The building blocks of a Powerlifting Program……..No BS
It's not hard to find a powerlifting program online, Google it, YouTube it, it's all out there. Follow the program be consistent and get results. If you are new to strength training, the program you decide on will make you stronger, not because it’s a good program, but more likely your body is not used to being shocked and put under intense training. So, you will realize some strength gains. As a new powerlifter what you need is to build a strong foundation, upon which you will build a long-lasting career.
Do you know that the best way to prepare your body for lifting weights is conditioning your body to lift its own body weight? What does that mean? Does your body have enough strength to perform 30 pushups, 10 pull ups, 50 squats and 50 decline sit-ups? If not, then you need to build a foundation.
TAKE AWAY MESSAGE: A champion has a solid foundation that has been built on years and years of hard work. Many reps and sets, toughening up the body and increasing stamina levels. Do not go into this with a half ass attitude, you can only expect less than mediocre results. Learn to be D3, Stay D3 ALL DAY and EVERY DAY.
The Basics of a Solid Strength Program
A good program for a beginner needs to consist of compound movements, where you can work on your form with lots of volume. Ever heard the phrase stick to the basics? There is a lot of truth in this. If the program does not contain the right lifts then what good is that going to do for a powerlifter? The program needs to contain the following:
· Good Mornings
· Stiff Legged Deadlifts
· Bench Press
· Standing Press
· Power Cleans
· Shrugs / Pulls
· Pull ups / Chin up or Pull downs
· Pushups: Wide, Regular and Close
· Intense core work
· Hyper Extensions
At this stage I would not worry about doing lots of arm work. The exercises presented above will work your arms, conditioning them to get them stronger. Additional arm work could potentially hinder your training, as a beginner needs to allow the body to rest and come back stronger for the next work out.
A beginner should not work with weights anymore than 3-4 times a week, 3 times is ideal for now, eventually you will graduate to 4 times a week. In fact, many world champions have stuck with 4 times a week. It's tried tested and proven. There are many people who will insist that you need to do more work, I do not believe a novice level athlete should be under that amount of stress and strain. Basically, when you start your next work out you should feel fresh, not tired.
A Push, A Pull, Auxiliary, and Core…………
Every individual workout should consist of a push, a pull, some auxiliary work and then intense core work. This will make a balanced training program, as the pull is a reverse of the push. For every push you perform, you will counter that with a pull. The auxiliary exercises will help you work towards strengthening your lifts and put muscle on you. For example, after bench pressing, pull-overs are a great exercise. The push being followed by a pull, which is also an auxiliary exercise. The pullover gets too easily looked over these days, but once was a very popular movement to perform, the benefits of doing pull-overs is that it will work your chest, lats and triceps. The result is a thicker chest and back, which will reduce the distance the bar travels just below the chest in the bench press. Also, the pullover will work the stabilizing muscles and improve your flexibility. This is a fantastic movement to perform.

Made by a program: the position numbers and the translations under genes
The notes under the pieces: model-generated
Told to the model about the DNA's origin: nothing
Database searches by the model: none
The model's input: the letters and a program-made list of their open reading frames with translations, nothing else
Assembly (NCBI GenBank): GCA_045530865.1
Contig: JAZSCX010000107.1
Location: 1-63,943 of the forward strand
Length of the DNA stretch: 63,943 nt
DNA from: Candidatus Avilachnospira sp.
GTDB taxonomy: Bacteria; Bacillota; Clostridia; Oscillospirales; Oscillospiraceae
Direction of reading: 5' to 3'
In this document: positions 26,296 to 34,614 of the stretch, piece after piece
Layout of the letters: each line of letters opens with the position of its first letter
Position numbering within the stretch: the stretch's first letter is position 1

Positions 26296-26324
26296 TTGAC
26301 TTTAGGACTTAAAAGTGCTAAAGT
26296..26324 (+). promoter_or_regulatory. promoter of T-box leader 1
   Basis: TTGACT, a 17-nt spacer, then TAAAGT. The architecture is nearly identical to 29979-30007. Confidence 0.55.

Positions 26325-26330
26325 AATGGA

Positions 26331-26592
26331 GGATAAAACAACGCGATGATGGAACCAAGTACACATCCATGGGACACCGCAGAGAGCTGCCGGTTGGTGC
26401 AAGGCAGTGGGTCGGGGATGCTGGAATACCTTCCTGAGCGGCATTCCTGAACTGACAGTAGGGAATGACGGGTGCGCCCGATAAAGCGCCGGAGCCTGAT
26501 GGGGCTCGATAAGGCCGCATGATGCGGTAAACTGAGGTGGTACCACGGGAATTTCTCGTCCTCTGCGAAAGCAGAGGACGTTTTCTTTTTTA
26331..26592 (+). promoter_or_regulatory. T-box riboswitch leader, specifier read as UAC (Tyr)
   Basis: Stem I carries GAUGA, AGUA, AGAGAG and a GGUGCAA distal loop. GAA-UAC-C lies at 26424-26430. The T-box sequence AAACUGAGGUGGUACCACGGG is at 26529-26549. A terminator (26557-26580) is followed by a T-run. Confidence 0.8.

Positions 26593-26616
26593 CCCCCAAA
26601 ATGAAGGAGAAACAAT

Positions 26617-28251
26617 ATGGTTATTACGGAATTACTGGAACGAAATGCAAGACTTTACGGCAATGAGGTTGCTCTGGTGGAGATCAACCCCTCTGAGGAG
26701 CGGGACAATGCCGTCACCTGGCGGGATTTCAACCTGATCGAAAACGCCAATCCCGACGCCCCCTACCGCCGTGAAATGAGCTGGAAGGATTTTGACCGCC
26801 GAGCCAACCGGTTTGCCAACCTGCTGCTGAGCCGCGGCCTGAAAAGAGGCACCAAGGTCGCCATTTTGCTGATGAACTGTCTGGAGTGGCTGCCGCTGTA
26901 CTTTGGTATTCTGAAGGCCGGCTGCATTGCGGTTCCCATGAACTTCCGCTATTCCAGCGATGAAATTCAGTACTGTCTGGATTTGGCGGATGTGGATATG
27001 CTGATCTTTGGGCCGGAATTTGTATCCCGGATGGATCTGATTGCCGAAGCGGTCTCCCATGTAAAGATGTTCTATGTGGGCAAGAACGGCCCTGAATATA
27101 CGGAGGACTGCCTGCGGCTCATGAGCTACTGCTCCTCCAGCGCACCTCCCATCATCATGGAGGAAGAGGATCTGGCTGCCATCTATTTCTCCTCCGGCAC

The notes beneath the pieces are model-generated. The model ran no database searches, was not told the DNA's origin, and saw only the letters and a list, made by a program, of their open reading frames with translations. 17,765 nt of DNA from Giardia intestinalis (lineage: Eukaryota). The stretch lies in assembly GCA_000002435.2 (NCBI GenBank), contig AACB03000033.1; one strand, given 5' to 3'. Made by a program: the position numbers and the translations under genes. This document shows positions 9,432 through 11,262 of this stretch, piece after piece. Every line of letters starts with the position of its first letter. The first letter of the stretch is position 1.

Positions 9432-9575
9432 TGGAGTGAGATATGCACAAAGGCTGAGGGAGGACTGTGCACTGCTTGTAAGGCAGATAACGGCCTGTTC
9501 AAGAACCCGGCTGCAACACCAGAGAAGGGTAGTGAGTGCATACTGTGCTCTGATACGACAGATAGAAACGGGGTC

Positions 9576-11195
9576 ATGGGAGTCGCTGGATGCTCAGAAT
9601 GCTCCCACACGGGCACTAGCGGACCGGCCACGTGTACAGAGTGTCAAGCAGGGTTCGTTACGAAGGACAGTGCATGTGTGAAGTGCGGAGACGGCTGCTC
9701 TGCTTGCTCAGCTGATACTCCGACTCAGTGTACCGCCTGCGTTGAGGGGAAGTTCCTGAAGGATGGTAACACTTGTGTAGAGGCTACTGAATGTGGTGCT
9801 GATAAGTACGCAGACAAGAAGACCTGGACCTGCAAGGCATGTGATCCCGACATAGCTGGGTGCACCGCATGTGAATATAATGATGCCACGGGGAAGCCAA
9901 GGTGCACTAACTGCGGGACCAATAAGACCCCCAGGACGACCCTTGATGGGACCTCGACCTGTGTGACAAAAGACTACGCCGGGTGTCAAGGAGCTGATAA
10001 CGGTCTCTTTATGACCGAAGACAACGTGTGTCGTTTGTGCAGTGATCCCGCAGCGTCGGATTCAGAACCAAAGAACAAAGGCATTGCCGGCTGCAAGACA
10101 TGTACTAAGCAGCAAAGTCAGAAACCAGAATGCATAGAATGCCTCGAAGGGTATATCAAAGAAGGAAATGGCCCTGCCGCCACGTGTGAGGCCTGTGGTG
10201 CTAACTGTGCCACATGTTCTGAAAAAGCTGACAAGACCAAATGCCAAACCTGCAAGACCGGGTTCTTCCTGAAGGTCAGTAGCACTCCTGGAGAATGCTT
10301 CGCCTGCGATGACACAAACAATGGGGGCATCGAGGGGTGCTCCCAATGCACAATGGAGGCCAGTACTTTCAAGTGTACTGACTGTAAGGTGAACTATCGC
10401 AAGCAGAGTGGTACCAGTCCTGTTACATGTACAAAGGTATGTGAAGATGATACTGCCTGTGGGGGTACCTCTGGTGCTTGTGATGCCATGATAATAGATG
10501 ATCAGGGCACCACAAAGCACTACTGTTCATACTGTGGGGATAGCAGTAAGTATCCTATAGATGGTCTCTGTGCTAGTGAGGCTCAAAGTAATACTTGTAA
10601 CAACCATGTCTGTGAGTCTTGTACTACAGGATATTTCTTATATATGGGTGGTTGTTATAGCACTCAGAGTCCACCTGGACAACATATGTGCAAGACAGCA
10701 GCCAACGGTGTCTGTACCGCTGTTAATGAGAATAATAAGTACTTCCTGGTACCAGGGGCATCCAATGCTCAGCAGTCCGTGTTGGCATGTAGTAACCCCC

Hypertrophy / Volume / Sets & Reps
The term hypertrophy is used a lot, most of us probably do not understand exactly what this means. Programs based on hypertrophy for beginners is ideal, as it will expedite muscle growth if followed up with a good diet. Hypertrophy training consists of moving weights that can be handled for 10 – 15 repetitions, with good form. Most of the articles or blogs online will state 8 - 12 reps for hypertrophy-type training. My personal opinion is that if you stick to 10 – 15 reps, you perform more work, keeping your body under strain for a longer period, and therefore this should translate into a thicker and fuller body. The benefits of training in the hypertrophy rep range are as follows: it will allow you to add muscle to the body, will help your work on your lifting technique, the additional muscle should help your body to be less prone to injuries, and lastly, the body will output more strength as your body grows.
The importance of hypertrophy training cannot be understated for a new strength athlete. I look at this phase of training in terms of getting the body ready to lift heavy weights. Please remember the repetitions should not be sloppy, good form is required at all times.
The BOTTOM LINE
Look up the word "Foundation" in a dictionary, it is the basis or ground-work for what you are hoping to do or achieve. For powerlifting that means it's your body that you must prepare so that it can hold the heavy barbell. DO NOT SKIP THIS PHASE, it’s the core, if the core is missing your weaknesses will always be apparent. Hypertrophy is a must!
As usual, I would love to hear your opinions on this subject, please remember this is just my opinion, you may feel differently, open to discussing. Hope your training is going well, Conquer Strength and Stay D3, ALL DAY and EVERY DAY.